Promotions Recognize Faculty Across the Disciplines
At the February meeting of the Board of Managers, five faculty members were approved for promotion.
Three faculty members received tenure and two were promoted from assistant to associate professor:
Mathematician Ralph Gomez’s teaching and research focuses on geometric structures on spaces and how these structures can help us learn more about the space itself. Specifically, he is interested in the construction of geometric structures on spaces related to and sometimes inspired by theoretical physics.
Artist Logan Grider’s teaching and practice interests include painting and drawing. His work has been exhibited nationally in solo and group shows. Selected awards and honors include a Pollock Krasner Foundation Grant; a Skowhegan Fellowship, Yale University; The Robert Schoelkopf Fellowship, Yale University; the Harry Harris Prize in Painting from the 72nd Woodmere Juried Exhibition; and a Louis Comfort Tiffany Foundation nomination.
Anthropologist Christy Schuetze has lived and conducted ethnographic field research in central Mozambique for more than seven years at different periods since 1998. Her teaching and research focuses on the anthropology of southern Africa, anthropology of religion, medical anthropology, anthropology of international development, health and society, environmental anthropology, and post-colonial economics and gender. Her book manuscript Spirit Wives and Church Mothers: Marriage, Social Healing, and Survival in Mozambique is currently under review.
The Board approved the promotion of two faculty members from associate to full professorship:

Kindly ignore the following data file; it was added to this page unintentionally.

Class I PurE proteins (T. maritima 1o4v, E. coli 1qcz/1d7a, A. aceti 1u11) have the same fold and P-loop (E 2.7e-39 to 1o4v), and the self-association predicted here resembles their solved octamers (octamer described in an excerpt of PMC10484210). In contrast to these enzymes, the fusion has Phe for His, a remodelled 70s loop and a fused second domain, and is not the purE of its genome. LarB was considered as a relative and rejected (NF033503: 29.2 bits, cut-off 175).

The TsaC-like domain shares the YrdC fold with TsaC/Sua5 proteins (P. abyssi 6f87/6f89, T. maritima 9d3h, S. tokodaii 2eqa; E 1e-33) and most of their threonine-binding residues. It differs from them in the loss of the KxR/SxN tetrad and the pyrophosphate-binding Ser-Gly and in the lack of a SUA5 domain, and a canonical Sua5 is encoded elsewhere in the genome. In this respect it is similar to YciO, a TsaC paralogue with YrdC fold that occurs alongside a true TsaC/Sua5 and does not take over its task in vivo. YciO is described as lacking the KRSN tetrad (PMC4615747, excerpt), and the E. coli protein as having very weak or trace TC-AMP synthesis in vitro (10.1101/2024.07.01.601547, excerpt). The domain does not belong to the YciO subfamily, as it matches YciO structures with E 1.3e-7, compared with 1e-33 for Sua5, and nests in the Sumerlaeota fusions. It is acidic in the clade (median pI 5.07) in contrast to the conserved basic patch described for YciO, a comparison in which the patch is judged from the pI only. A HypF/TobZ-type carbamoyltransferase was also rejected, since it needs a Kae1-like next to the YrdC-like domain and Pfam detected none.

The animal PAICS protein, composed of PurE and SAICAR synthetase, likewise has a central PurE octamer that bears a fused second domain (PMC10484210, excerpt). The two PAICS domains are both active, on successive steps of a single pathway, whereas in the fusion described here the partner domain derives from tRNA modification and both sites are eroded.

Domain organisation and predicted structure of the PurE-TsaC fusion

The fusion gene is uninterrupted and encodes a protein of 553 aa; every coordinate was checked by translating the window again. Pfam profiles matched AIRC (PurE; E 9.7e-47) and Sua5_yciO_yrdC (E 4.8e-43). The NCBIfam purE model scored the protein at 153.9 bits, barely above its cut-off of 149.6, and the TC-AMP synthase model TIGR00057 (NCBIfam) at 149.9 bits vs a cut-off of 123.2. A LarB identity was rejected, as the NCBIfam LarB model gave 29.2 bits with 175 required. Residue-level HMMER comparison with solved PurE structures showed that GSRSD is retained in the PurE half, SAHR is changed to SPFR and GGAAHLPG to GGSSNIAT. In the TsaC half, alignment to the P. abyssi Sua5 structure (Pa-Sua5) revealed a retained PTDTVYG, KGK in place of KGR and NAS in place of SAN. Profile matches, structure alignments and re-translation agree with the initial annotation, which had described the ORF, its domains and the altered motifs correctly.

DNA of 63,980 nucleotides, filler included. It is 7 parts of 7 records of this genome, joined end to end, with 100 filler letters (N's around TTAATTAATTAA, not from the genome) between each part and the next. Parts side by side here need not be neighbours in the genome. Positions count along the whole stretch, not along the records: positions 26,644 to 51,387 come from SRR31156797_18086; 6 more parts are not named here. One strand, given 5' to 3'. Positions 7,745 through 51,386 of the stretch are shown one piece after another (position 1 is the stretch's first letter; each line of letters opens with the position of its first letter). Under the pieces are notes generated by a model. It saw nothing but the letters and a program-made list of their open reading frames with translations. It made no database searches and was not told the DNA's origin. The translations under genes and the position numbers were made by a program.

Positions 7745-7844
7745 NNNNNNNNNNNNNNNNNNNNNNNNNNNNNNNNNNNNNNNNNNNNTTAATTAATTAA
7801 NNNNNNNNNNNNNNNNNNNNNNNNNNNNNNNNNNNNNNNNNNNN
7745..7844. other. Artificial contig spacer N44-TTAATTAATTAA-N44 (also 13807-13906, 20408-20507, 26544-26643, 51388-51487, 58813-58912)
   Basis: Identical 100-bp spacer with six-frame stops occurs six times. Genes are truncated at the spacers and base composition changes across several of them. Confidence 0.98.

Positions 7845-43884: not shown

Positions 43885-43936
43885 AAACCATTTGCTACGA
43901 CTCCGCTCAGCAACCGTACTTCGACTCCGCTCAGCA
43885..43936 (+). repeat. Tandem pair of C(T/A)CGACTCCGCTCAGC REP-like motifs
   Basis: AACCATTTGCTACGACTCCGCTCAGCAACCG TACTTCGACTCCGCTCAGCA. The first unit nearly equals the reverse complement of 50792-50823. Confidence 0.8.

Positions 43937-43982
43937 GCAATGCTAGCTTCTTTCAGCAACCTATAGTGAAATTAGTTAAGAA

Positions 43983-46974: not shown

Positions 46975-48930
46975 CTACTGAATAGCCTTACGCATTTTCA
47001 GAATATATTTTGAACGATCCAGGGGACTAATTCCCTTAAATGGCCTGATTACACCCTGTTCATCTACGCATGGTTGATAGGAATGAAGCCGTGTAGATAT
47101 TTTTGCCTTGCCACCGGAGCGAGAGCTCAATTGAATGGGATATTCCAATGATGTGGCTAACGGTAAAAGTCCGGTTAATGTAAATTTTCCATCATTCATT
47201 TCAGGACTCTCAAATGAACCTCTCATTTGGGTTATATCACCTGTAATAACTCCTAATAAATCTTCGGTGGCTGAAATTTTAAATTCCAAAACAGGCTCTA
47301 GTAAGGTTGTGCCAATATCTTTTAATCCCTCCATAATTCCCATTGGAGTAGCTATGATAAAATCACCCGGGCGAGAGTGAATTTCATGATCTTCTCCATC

Physicist Catherine Crouch’s teaching and research interests include protein-cell membrane interactions, nanoparticle physics, and physics education. She is the author of numerous journal articles and the principal investigator of Swarthmore’s part in a nine-institution National Science Foundation grant for evaluation and dissemination of physics curriculum. In 2016, she was selected as an “Outstanding Referee” by the editors of Physical Review.
Psychologist Jane Gillham's research and applied interests lie at the intersection of clinical psychology, developmental psychology, and education. She is particularly interested in the ways in which schools can promote well-being in children, adolescents, and young adults. Gillham's work focuses on developing, evaluating, and disseminating programs designed to promote social and emotional well-being and prevent common psychological difficulties such as depression. She is an author of more than 60 scientific papers, one book (The Optimistic Child), and several well-being programs that are used in schools and other community settings throughout the world.